We’re back from our interrupted camping holiday to Scotland, thanks to my body deciding that relaxation meant a fever was in order. Let me tell you, it’s really not nice to get a fever in the middle of what is probably the nicest weekend in two years in Britain and when you’ve been lucky enough to choose that weekend to go away! The only good thing about this is the fact that I’ve finished two books since we got home yesterday.
The first, Pompeii by Mary Beard, was a mix of history and popular archaeology, a really insightful look into how the Romans actually lived in Pompeii. Beard dissects a lot of established knowledge about the buried city, compares it to the current remains, and separates her findings into chapters that focus on one particular aspect of the city and the Roman world. She very quickly does away with the idea that Vesuvius’s eruptions caught the citizens as they were going about their ordinary lives, demonstrating that they were mostly fleeing or had fled already, and then goes into the details of what has been found and what it might mean.
My immediate reaction was of course a desire to go to Pompeii, which I’ve never seen. A lot of the book also underscores how much we’ve lost even seen the ruins were discovered; early excavators in the eighteenth and nineteenth centuries didn’t know what they were doing, and once vivid paintings and messages have almost completely faded.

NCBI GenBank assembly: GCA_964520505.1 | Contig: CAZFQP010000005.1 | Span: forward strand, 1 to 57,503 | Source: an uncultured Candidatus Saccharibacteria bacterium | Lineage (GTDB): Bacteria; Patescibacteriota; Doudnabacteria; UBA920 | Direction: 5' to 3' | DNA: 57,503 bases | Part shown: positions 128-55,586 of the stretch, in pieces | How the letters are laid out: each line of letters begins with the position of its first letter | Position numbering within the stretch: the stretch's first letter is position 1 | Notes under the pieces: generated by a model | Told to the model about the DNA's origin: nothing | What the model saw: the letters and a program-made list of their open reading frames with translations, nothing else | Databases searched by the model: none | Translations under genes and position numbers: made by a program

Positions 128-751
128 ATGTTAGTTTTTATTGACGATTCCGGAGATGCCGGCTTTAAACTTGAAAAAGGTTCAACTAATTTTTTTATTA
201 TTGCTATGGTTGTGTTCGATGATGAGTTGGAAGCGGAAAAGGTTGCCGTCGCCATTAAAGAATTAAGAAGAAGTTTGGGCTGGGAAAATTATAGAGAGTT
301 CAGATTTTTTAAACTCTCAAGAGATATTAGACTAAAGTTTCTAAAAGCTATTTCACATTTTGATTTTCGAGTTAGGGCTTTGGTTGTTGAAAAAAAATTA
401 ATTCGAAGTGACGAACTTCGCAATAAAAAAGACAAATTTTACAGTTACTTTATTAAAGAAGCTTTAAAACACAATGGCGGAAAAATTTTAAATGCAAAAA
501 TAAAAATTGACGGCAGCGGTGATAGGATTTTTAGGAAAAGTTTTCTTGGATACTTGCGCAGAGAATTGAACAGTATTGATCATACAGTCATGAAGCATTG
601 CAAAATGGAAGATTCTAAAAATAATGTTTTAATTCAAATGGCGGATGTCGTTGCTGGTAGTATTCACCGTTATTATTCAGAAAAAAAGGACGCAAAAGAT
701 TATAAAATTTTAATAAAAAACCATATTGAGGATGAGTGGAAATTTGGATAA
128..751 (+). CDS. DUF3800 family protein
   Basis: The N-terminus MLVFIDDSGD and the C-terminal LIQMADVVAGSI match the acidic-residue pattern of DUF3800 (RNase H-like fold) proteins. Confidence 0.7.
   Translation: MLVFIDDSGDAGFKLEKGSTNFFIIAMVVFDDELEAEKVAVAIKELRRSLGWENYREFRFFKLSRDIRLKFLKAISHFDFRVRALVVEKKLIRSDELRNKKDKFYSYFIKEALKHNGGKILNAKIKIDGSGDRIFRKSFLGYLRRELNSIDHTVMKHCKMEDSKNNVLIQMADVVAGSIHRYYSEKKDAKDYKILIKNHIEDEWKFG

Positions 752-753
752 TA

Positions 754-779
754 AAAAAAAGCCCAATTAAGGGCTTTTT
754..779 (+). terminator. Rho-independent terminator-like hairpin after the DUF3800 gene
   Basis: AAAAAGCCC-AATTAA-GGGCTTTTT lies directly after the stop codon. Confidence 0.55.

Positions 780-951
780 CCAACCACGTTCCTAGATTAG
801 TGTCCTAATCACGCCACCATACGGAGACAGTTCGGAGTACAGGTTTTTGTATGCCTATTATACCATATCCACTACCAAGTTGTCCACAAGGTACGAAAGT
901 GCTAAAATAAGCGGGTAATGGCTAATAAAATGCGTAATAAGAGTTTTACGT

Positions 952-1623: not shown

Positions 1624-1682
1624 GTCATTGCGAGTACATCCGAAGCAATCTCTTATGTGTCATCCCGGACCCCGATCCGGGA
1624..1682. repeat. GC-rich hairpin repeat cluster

Anyway, a brilliant book, I’d completely recommend it for anyone at all interested in Pompeii or Rome.
Second, I finished The Heart of Valor by Tanya Huff just a few minutes before I sat down to write this post. This is the sequel to A Confederation of Valor, actually an omnibus of the first two books in the series which I sadly didn’t review, but which I loved. This is what I like to think of as character-focused military science fiction, and I think if you enjoy the Vorkosigan saga, you’ll enjoy these too. Torin Kerr, the main heroine of the series, isn’t quite as crazy as Miles, but she’s a very strong and smart heroine who knows exactly what she’s doing and the comparisons to Ellen Ripley of Alien fame are justified. What I mainly love about these is how quickly we get to know the characters and how they really feel as though each situation is life threatening; Huff gets what I think the military should be like exactly right. I could be completely wrong, and I would hope to never find out whether I am or not, but for me, these books work.
That leaves me with what I’m actually reading now, which is The Enchanted April by Elizabeth von Arnim. This is a library book that I picked up because it was pretty. Not a joke; this is the benefit of using the library again, because all it takes for me to choose a book is the fact that the cover stands out. Here it is:
Lovely, and different. It’s a classic about four English women who go to an Italian castle and that’s really all I know so far. I can’t wait to find out more.
What are you reading this week?